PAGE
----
Dec 162011
 

Profit is vanity, cash is sanity

It’s an unfortunate fact that a lot of profitable businesses go under because they run out of money.  But how can that be so, you ask.  Well, it’s because they don’t understand cash flow and cash flow forecasting and that profit and cash flow are two different things.


A cash flow forecast is just a simple tool for looking ahead to see when you think cash is going to come in to your business and when you will need to pay it out.  Ideally, you should do this monthly for most businesses, out about 2 years ahead . If your business is very fast moving in relation to stock and sales you might want to do a forecast every week if you find a month is too long.

One of the key things with a cash flow forecast is to be realistic (read pessimistic).  If you’re just starting a new business don’t expect to be selling huge amounts from day 1; equally, don’t expect all the people who owe you money to pay you on time (or sometimes even at all…).

The key thing that causes confusion is the time lag between money out and money in, which is why you need to look at quite a long period.  Imagine that you make wooden chairs; you might buy the wood in January, spend 2-3 weeks making the product and then not sell them until April.  Worst case (if you were buying for cash) you would have spent money in January but not received any money until April.  In the meantime you have also had to pay for more materials in February and March, plus paid wages, rent, fuel etc etc.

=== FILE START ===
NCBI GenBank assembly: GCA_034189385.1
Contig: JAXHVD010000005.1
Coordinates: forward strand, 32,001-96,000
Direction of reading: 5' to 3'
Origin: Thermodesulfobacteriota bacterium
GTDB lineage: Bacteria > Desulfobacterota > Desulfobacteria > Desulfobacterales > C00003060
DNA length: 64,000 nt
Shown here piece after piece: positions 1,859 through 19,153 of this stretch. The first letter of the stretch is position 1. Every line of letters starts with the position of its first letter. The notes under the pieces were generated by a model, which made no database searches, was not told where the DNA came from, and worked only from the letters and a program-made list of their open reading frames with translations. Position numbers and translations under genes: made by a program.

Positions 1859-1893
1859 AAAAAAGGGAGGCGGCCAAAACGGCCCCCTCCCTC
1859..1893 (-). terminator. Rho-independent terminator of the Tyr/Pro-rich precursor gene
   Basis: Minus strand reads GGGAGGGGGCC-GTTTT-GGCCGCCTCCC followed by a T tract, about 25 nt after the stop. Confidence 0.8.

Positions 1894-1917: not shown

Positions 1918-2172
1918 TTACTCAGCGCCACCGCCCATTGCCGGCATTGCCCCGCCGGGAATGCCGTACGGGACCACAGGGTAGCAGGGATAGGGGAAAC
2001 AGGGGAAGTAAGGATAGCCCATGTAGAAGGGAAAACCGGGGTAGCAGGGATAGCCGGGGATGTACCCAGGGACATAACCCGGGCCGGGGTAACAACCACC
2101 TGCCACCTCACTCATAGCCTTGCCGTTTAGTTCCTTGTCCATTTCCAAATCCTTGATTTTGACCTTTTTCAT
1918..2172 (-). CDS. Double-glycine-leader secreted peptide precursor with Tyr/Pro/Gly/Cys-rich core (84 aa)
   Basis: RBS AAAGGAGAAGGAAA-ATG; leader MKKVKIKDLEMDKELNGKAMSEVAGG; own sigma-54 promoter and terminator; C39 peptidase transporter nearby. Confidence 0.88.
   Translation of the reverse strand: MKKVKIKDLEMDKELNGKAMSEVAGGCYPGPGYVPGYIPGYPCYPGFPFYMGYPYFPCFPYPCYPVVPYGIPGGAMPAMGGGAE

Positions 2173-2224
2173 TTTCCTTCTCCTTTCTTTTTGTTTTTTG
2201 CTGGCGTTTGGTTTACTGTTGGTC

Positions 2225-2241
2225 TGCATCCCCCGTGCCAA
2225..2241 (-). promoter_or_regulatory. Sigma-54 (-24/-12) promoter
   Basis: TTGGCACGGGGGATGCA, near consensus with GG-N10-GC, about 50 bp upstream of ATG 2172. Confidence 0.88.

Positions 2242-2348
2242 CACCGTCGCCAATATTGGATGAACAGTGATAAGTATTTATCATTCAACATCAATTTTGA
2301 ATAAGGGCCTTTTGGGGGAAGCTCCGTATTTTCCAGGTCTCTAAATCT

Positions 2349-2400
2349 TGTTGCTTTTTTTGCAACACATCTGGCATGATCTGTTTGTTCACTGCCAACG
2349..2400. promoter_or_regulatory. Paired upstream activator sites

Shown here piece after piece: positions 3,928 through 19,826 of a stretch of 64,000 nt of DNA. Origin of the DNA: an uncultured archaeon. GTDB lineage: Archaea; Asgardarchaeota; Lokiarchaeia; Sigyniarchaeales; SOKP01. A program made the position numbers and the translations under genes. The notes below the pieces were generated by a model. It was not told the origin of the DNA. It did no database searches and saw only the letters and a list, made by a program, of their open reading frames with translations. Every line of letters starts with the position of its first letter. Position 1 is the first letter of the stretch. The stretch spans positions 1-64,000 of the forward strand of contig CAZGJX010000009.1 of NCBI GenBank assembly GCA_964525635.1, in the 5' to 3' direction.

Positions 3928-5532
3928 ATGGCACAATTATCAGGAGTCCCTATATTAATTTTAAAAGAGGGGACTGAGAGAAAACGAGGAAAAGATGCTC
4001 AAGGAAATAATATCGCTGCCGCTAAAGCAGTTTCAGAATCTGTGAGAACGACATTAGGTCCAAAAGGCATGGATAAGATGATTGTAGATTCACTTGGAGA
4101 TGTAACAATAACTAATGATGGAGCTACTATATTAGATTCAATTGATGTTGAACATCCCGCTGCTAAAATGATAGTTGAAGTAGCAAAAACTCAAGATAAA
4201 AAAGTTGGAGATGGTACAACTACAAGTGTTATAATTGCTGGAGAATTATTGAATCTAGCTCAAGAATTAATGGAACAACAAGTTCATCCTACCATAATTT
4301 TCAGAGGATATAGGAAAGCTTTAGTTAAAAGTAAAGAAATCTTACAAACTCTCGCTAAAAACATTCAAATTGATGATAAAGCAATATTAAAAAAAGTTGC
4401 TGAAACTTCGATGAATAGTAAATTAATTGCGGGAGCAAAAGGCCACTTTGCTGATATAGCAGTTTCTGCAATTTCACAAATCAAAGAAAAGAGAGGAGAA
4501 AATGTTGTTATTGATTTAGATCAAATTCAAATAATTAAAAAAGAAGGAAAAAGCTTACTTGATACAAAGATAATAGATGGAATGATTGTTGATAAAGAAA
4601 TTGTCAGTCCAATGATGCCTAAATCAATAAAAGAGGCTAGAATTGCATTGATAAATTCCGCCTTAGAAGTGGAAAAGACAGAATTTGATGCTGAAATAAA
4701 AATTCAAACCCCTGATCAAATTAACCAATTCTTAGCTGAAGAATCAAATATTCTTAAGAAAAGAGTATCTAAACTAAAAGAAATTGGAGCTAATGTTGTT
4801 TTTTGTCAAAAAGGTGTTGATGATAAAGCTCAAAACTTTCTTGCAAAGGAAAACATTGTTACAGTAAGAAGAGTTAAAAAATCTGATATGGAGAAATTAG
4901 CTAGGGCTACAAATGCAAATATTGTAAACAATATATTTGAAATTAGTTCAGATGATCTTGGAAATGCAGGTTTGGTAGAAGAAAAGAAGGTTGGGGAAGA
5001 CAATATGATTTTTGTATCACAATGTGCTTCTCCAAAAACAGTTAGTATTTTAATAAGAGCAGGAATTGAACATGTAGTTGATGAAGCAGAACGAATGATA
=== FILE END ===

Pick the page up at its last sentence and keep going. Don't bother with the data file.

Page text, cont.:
Another thing to look out for is the credit terms you allow others to have when buying from you.  When you first start out you might allow someone extended terms simply in the hope of gaining their business.  You then find that cash runs out before the first payments start coming back in.

A couple of tips for running your business successfully with regards to cash flow:

  • Always have an up to date cash flow forecast and study it regularly so that you can see the bumps in the road ahead.
  • Always try to ensure that you know what the standard credit terms are for your business and stick to them.
  • When you start out make sure that you have sufficient cash to cover the first 6 months of trading.
  • Be pessimistic when forecasting money in and out of the business; plan for less coming in and more going out as that will build in a safety factor.

Cash flow forecasting isn’t a black art, in fact it’s one of the easiest accountancy tools that you will use.  You do need t do a bit of “what if” thinking but provided you’re logical and realistic it shouldn’t be an issue.  After a couple of months you’ll wonder how you got along without it.